The Snake Pit

The Snake Pit (1948): United States – directed by Anatole Litvak
Not rated by the MPAA – contains some mature themes and some creepy moments

The Snake Pit is primarily a star vehicle for Olivia de Havilland.  Two male stars round out the majority of the speaking roles, leaving the rest of the cast not more than a couple lines apiece.  This isn’t necessarily a bad thing, however, as Olivia effectively pulls off a mentally unstable woman trapped in an exceedingly difficult mental health system.

The opening scene does little to give away the plot.  Virginia (de Havilland) sits on a bench, alone.  But then a man speaks to her, and she is confused.  Eventually, the lady next to her also speaks to her, but she doesn’t know why.  Then she is led into a large building with big, strong doors, and is scared.  “Why am I in prison?” she wonders.  Upon talking to a couple different people inside, she figures she must be researching a novel, because she’s a writer.  But then she is introduced to a man who claims to be her husband.  Frightened, confused, she shrinks away; she remembers being married, but can’t recall a husband.

Her husband is Robert Cunningham (Mark Stevens), and he has been working with Doctor Kik (Leo Genn) to figure out what may have gone wrong with Virginia.  Their marriage is reconstructed through flashbacks, and much of the narrative is nearly as fractured as Virginia’s mind.  It seems that Robert had some trouble with Virginia before, when she fled for no apparent reason.  He moved from Chicago to New York and eventually they again crossed paths and fell in love again.

But then she froze up, lost all memories of their marriage, and Robert had no choice but to seek professional help.  Fortunately, Dr. Kik is a kind man.  He has some crazy new ideas about talking with patients to help them, instead of merely pursuing chemical or electrical relief.  Unfortunately, the mental health system in New York is broken, ensuring that he has hundreds of patients with little time to spend on any one case (in fact, many states changed their systems after the release of the film).  By delving deeply into some recessed memories he eventually uncovers some past traumas that have continued to haunt Virginia.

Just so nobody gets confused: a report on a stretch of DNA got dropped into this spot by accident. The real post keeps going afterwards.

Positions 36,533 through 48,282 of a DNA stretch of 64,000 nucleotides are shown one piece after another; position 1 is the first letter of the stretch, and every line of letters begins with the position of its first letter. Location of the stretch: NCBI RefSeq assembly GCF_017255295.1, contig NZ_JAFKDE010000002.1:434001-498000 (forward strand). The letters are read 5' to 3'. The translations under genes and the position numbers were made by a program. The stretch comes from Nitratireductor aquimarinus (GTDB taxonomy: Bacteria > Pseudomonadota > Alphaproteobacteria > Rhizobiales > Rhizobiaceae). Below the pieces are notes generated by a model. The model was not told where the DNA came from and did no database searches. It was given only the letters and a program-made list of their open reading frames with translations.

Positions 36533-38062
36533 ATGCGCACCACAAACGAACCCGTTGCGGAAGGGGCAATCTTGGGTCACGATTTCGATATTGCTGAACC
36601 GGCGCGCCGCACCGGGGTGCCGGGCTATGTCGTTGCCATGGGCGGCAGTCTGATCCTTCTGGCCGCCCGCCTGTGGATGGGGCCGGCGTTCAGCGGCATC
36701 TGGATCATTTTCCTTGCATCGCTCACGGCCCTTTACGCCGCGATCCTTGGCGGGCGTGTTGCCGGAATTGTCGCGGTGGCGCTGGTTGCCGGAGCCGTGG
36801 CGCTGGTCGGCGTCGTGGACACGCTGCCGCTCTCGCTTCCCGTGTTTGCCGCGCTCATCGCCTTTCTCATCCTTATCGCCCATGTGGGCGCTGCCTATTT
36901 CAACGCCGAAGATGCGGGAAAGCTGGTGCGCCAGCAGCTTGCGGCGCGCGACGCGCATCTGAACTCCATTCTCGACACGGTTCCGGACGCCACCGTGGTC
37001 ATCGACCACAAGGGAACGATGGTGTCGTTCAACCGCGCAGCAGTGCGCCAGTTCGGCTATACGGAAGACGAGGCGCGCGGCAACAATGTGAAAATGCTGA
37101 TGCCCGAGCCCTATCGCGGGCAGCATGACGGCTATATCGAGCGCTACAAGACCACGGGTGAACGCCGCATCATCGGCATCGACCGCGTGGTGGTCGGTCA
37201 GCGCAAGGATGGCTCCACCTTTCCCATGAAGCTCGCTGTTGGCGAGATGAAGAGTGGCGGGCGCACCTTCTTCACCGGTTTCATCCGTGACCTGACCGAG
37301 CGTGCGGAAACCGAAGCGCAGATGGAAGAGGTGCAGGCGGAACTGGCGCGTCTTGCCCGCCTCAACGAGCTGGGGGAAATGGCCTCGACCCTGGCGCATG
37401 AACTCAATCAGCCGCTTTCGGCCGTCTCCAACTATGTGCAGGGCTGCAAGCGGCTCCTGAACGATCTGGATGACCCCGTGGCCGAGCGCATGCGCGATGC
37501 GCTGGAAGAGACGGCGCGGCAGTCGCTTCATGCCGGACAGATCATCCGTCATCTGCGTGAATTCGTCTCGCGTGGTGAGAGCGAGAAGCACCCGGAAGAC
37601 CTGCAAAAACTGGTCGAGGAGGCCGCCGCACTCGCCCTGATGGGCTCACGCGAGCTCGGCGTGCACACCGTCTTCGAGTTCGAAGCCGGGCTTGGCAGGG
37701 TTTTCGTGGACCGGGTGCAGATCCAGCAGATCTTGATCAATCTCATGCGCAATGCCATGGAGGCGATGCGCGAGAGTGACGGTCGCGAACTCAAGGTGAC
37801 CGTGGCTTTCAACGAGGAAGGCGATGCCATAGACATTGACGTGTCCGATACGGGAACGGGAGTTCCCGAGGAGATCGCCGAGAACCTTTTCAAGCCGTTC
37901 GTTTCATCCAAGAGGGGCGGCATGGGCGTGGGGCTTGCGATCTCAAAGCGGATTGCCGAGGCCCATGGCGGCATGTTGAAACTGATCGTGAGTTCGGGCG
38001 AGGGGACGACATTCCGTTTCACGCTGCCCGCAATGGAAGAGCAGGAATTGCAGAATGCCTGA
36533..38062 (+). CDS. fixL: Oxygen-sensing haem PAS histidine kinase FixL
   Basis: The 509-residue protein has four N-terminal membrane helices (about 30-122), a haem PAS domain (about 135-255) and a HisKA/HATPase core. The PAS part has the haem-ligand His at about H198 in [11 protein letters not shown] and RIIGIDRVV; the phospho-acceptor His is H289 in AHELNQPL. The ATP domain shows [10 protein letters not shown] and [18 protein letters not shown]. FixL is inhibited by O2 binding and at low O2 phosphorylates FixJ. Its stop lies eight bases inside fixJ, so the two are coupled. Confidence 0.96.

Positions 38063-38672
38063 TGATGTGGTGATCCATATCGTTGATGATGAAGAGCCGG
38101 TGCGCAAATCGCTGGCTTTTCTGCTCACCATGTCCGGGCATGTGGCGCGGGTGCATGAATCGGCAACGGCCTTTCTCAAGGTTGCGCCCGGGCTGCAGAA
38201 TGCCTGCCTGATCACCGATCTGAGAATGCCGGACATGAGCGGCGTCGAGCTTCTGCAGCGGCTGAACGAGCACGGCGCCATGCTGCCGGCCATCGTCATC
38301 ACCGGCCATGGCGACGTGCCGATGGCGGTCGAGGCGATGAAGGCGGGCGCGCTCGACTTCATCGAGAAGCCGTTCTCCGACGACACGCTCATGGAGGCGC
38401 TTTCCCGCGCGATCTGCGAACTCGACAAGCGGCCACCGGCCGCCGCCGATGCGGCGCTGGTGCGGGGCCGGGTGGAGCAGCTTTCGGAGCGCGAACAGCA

The path is not smooth, however.  The staff of doctors are in a hurry to release her and their rush causes further problems for her recovery.  She occasionally moves up and down the different wards, eventually finding herself in Ward 36 toward the end of the film.  Here is where the most psychotic patients are crept, and here is where the movie’s best scenes occur.  High ceilings, deep shadows, and crazy characters imbue the setting with a maniacal madness.  Some of the elements have been used in future horror films, including the woman whose hair hides her face.  One masterful shot pulls up from Virginia standing in the middle of this “snake pit,” until eventually she becomes almost lost in the writhing agony of the other patients.

Other aspects of The Snake Pit have also been reused by more recent films.  Nurse Davis (Helen Craig) is practically the pre-incarnation of Nurse Ratchet from One Flew Over the Cuckoo’s Nest.  Extended scenes detailing the psychoanalysis of Virginia pre-visage similar ending sequences in films like Psycho.  It is clear that psychoanalysis was coming into its own at the time, as evidenced by numerous pictures of Freud in the hospital.  In many ways, the setting and time are recently mirrored in both Shutter Island [review here] and Changeling [review here].

The Snake Pit is an interesting film, primarily for its real-world effect on the mental health system.  Some interesting shots of the scary and creepy patients paved the way for other films concerned with mental illnesses.  The entire movie looks quite nice, and is very open about its intentions, like many movies of the 1940’s.  There is not much room for subtlety, and it is quite apparent that The Snake Pit is intended to be a “message movie.”  This is not necessarily a bad thing, though it certainly embeds the film in its historical setting.  Memorable for a pivotal performance from de Havilland, the movie also serves as a reminder of the mistakes made by early psychologists.

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